Enjoy Detroit’s new skyscraper: You’re paying for it

John C. Mozena

The politicians in attendance at the groundbreaking ceremony for Dan Gilbert’s new Detroit skyscraper on Thursday bought their tickets to that event with your money.

They took credit for promised “economic development” and “revitalization,” but Detroit’s seen plenty of big projects with big promises that never panned out. All we know for sure is that the real estate developers on the stage will be the recipients of hundreds of millions of dollars that could be supporting schools, police and fire departments and other services that benefit the community as a whole.

To the politicians and businesspeople who squeezed into the groundbreaking photos, this is a great deal. Politicians got to do what they like best, which is taking credit with voters for something done with someone else’s money. Businesspeople get what they like best: free money. What’s not to love, as long as you’re on the stage looking out rather than outside looking in?

The Hudson’s site project is especially notable as it’s the primary beneficiary of new laws passed earlier this year that expanded the number of ways private developers can take tax dollars for private benefit instead of public service. Those laws, unsurprisingly, were lobbied for strongly in Lansing by the same political and business “leaders” we saw on the stage and in the crowd in Detroit.

But one big change these laws make that didn’t make the speeches is that for the first time, private businesses have a claim on Michigan income taxes paid by their workers and customers. When politicians, developers and union officials talked about the construction jobs, they didn’t mention that as much as half of the income tax withheld from those workers’ paychecks will end up in a real estate developer’s bank account. When city officials talked about the people who will be living in apartments or condos in the building’s glittering residential tower, they didn’t note that the landlord will be getting up to half of those tenants’ income tax payments for up to 20 years.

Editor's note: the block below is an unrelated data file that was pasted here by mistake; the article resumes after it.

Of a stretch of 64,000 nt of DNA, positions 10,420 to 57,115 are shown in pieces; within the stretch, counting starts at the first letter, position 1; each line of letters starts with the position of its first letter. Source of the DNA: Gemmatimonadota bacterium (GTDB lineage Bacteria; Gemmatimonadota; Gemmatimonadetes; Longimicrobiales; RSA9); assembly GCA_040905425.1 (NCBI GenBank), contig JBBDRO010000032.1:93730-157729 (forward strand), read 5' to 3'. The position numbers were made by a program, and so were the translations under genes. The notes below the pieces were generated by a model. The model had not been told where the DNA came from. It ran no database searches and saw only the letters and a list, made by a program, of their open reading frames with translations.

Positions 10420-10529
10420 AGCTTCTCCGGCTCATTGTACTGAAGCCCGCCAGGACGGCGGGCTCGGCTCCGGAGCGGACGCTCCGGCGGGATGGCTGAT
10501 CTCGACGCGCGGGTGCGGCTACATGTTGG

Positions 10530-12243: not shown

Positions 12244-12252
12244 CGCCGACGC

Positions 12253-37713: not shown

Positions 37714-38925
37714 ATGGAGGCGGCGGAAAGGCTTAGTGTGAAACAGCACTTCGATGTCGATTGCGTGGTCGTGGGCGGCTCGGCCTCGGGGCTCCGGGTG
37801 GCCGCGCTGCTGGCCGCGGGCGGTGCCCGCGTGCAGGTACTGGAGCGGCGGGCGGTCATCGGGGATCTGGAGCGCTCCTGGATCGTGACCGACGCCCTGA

There was discussion about the value of the construction materials that will go into the building, but nobody mentioned the new law that lets the construction contractor purchase those materials without paying their fair share of the 6 percent sales tax that is the primary funding mechanism for public education in Michigan. While a vocational school principal talked about job training at the event, representatives of all the other schools whose classrooms will not be receiving that money were not invited to speak. Nor was any other contractor in the region who’ll be paying sales tax on their own project’s materials this week because they’re not big or politically connected enough to get an exemption.

Supporters of these new laws argue that they’re necessary to spur “brownfield redevelopment.” That’s a fancy marketing term for “building something where an older building used to be,” which is what human beings have been doing since we stopped being nomads and invented cities.

It’s also what businesspeople used to do in Detroit with their own money. In fact, the building that will be supplanted as the city’s tallest when Gilbert’s project is complete, the Renaissance Center, was built with private funding by corporate and individual investors. The RenCen also was presented to the city in the early 1970s as an engine for economic development and urban renewal – hence the “Renaissance” in the name – but the civic-minded developers and investors led by Henry Ford II didn’t get tax dollars in return. (They did, at least, get a plaque.)

What a difference 40 years makes. This past September, Dan Gilbert told local media, “We have to compete and the only way to compete is through public/private partnerships working together. It feels to me the best it’s ever felt in Detroit and the state of Michigan for that.”

Maybe it’s the best time ever for the people on that stage. But for the rest of us that never got the invitation to the groundbreaking party but still got stuck with our share of the bill, it’s time to question whether or not we can afford much more of this kind of celebration.

John C. Mozena is a marketing and communications consultant and a free-market advocate.